inconsistent, adj. failing to keep to the same principles, course of action, etc.; changeable.
On the State Capitol grounds in Austin there is a stone slab with the Ten Commandments inscribed. This slab has been politically controversial for some time and is the object of a lawsuit now in federal court.

Father Louis Brum, of the Holy Spirit Church of McAllen … said the Ten Commandments were for all people, and should be able to remain on the grounds they have been located on for the past 40-plus years. “The Ten Commandments serve a tremendous purpose to remind us of the values and standards of life,” Brum said. “It does not endorse a specific religion, and is without any preference.” The UTPA Pan American, February 10th, page 12.

Leaving aside his interpretation of the establishment clause of the Constitution, our Pastor’s decision to speak publicly, identified as our pastor, on a controversial political issue is odd, given the adamancy with which he has refused parishioners the right to do the same—that is, to speak publicly, as parishioners, on issues which have political implications and are related to Church teaching. Such behavior is inconsistent (see above). The irony is that the issue the Pastor has chosen to speak about is not really related to the Gospel or to religion at all, but is about religiosity, the affectation or show of religious feeling.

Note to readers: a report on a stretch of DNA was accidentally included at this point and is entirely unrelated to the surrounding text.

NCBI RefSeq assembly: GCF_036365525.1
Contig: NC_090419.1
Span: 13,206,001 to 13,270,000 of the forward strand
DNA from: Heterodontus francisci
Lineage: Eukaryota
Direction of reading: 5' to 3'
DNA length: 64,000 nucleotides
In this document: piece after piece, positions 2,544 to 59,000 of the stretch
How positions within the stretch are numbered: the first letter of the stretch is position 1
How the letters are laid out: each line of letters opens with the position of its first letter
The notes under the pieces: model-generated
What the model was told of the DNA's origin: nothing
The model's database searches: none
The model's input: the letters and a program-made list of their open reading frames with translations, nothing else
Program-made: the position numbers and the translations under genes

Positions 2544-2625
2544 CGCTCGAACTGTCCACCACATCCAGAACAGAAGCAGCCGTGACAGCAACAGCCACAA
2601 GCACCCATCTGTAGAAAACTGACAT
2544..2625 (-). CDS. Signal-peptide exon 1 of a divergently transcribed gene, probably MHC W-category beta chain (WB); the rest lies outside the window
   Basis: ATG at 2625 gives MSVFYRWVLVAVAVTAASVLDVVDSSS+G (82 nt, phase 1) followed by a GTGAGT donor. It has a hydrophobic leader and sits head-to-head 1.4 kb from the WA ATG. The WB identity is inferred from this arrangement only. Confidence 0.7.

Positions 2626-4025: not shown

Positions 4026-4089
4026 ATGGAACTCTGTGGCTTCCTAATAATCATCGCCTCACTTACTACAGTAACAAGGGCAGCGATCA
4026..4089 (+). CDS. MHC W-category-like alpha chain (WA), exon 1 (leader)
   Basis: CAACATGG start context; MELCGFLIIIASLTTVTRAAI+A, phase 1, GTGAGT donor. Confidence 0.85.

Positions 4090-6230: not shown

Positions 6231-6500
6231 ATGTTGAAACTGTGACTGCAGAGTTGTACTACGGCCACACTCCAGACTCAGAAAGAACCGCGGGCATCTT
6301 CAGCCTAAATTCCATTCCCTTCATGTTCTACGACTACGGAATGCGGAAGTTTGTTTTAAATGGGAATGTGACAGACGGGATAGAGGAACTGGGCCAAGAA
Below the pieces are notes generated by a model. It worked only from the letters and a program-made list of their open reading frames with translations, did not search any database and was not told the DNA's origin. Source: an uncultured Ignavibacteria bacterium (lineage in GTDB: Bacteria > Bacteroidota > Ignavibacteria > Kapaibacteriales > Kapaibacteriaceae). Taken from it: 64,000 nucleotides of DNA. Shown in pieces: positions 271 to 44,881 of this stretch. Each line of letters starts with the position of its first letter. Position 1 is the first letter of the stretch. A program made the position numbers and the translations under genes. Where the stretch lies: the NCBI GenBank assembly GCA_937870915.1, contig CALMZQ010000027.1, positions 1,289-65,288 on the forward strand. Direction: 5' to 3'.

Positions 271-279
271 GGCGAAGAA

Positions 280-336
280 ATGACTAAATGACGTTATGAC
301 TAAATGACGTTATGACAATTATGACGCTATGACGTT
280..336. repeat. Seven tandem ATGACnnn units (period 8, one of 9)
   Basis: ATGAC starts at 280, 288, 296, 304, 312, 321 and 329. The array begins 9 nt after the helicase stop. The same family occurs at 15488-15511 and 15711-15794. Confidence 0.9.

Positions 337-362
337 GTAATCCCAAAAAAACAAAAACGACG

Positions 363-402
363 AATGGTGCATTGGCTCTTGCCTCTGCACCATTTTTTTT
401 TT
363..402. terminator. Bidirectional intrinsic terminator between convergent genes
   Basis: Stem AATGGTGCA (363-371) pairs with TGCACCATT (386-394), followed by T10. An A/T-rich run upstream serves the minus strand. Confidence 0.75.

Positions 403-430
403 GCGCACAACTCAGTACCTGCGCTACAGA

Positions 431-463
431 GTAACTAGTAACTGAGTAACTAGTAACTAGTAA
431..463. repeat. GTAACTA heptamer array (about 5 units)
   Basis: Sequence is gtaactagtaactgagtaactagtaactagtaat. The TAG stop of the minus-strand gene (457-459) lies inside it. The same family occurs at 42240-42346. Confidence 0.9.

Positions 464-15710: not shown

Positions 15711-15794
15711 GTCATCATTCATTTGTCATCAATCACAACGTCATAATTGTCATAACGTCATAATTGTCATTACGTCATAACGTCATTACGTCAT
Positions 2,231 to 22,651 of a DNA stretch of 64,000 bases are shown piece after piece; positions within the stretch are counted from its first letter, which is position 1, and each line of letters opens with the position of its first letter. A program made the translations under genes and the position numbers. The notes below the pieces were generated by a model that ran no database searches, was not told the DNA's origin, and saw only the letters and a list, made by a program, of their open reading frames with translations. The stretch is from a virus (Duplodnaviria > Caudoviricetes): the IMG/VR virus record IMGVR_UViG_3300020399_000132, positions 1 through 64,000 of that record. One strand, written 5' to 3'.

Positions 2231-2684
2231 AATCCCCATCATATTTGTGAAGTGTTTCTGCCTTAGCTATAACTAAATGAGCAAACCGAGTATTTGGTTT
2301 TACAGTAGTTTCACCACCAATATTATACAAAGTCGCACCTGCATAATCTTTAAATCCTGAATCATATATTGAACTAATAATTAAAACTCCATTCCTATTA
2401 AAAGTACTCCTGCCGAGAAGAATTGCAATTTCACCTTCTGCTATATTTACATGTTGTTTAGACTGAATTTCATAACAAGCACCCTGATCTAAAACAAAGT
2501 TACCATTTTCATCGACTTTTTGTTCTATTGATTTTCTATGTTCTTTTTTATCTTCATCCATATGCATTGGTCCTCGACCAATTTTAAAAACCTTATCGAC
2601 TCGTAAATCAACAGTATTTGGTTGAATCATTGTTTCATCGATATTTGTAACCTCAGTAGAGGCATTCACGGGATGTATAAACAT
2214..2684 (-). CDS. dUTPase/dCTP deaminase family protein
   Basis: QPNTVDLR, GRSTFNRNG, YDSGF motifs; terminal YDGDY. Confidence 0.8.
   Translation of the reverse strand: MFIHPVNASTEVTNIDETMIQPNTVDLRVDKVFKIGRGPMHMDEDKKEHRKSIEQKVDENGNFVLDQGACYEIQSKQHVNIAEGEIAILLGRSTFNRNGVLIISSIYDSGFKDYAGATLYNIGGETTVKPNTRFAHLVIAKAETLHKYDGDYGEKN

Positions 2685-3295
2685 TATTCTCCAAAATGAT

It is difficult to reconcile the silencing of our parish’s “prophetic voice” on the Gospel issues of our time—war, poverty, social injustice, “the seamless garment” of life, etc.—with the Pastor’s taking to himself the right to speak publicly, as pastor, on a purely political, constitutional issue with no Gospel significance.

Prepared by RGV Parishioners for Progress and edited by Jerry Brazier. Copy this, and pass it on to fellow parishioners, either by e-mail or paper. If you want an opportunity for prayerful discussion of these and other issues about the parish or have any other comments, please contact us at